#EagleNation Spotlight – Volleyball’s Versatile Leader

#EagleNation Spotlight – Volleyball’s Versatile Leader


Ashland University volleyball senior Casey Clark came into the 2016 season on pace to easily become just the second player in program history to have at least 1,000 career kills and 1,000 career digs.

That was, until her unselfishness got in the way.

Clark, an outside hitter for her entire Eagle career through Sept. 17 of this year, made the switch to libero for the next seven matches – putting her pursuit of history on hold. Needing 40 kills to join Mary Kate Glowe as Ashland's only 1,000-1,000 players, the switch was made to a defensive position where kills are almost non-existent.

"I had not played libero," admitted Clark. "I was like, 'If you need me back there, and it's going to help the team, I'm going to do what I need to do. Whatever position I'm needed (at) to win, that's what I'm going to do."

"Casey has just always been a team player. Always," said Ashland head coach Cass Dixon. "From her freshman year on. When she came into the program, she's like, 'I had no expectations of playing. I was just here to help the team, and whatever happened, happened.'

"We debated about that, because we knew that it could be a potential possibility that a kid as good as what she is could be 40 kills shy of 1,000-1,000, and you go, 'Do what I want to do that?' You have to think really hard as a coach, do I want to take that away from a kid?"

Heading into the 2016 Mizuno Midwest Region Volleyball Crossover in Aurora, Ill., Clark was moved back to outside hitter in a lineup change which also included senior Alli Cudworth moving to right-side hitter and junior Melanie Aguayo to libero.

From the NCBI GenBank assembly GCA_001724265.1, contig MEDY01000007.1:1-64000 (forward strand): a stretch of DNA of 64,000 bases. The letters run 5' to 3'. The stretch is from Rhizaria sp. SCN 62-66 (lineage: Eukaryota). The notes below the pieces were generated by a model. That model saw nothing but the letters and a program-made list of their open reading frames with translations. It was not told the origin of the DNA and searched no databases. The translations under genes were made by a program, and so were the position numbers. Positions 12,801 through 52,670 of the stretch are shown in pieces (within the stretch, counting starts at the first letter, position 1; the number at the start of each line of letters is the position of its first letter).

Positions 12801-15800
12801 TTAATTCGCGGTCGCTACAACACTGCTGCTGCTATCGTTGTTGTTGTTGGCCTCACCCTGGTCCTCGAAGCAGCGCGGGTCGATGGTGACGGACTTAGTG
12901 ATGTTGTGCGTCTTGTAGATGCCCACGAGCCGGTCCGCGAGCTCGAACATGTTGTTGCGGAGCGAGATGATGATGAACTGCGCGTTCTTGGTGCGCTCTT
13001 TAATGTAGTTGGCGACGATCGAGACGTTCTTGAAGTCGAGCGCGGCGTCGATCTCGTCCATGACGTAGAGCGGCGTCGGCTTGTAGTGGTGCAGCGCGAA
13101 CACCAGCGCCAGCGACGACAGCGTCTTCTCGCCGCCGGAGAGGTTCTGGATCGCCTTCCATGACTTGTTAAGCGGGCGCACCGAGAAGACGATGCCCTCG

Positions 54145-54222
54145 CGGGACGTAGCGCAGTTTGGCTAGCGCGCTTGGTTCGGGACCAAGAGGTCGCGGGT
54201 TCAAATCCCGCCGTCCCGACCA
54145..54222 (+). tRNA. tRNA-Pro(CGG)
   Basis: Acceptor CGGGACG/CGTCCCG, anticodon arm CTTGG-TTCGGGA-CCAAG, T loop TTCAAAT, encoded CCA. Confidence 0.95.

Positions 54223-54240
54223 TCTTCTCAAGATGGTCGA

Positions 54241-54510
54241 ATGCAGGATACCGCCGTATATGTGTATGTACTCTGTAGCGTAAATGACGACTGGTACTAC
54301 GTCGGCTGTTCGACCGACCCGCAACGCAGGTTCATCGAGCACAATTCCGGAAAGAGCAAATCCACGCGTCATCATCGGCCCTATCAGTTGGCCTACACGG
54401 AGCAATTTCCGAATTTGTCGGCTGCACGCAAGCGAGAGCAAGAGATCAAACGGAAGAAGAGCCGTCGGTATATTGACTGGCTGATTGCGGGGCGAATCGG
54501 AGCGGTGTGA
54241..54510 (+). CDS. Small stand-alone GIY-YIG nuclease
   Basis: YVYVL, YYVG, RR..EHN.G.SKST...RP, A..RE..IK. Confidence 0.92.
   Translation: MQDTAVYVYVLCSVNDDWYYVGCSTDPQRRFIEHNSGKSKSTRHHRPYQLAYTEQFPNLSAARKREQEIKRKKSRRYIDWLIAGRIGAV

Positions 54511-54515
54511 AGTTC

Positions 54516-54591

For Clark, the results not only have included reaching the 1,000-1,000 mark in a 3-1 win against Illinois-Springfield on Oct. 14, but in the last five matches – all Ashland wins – she has had 70 kills, 72 digs and 10 total blocks.

"Mel stepped into that libero role and feels extremely comfortable now, and is taking ownership of that," Dixon said. "We've been able to diversify the offense a little bit, and it allows us to be that much more balanced at multiple positions.

"Plus Casey is a great blocker. It gets overlooked often because of her back-row skills, but she's a great blocker in the front row."

Said Clark, "Having us out on the court as much as possible, all three of us together, has definitely been a help to keep the younger girls more calm in stressful times."

When asked about the 1,000-1,000 accomplishment, Clark was quick to deflect the attention elsewhere.

"Honestly, I think more about my teammates, just how they've been so supportive," she said. "The day I did get it, they were counting down on the bench. I think less about me and more about the team."

A player who has earned first-team, second-team and honorable mention All-Great Lakes Intercollegiate Athletic Conference honors, Clark will end her Eagle career with no fewer than 285 digs in all four seasons, and with seven more kills, at least 200 of those in all four campaigns. Her .217 hitting percentage this fall is a career best.

And while Clark became the second Eagle to reach 1,000-1,000, her classmate, Cudworth, needs just 99 digs to become the second AU player to do it in the same season.

"I think it would be awesome for Alli to get 1,000-1,000 with me," Clark said. "It would be really cool to see the legacy we're leaving, the standard."

Ashland will take its five-match winning streak into the final regular-season road GLIAC match of 2016 on Friday (Oct. 28) at 7 p.m. at Walsh. A couple weeks later will be both Senior Night (Nov. 11 against Wayne State) and Parents Day (Nov. 12 vs. Findlay) prior to the start of the 2016 GLIAC Tournament.

"I'm real excited for Senior Day," Clark said. "I'll maybe get emotional, just because I've been playing volleyball my whole life, so it's going to be a change when I realize it's going to be gone."

After that could be a trip to the NCAA postseason, something Clark experienced as a freshman.

"Now, we're finishing games, and I think that's really going to be a key," she said.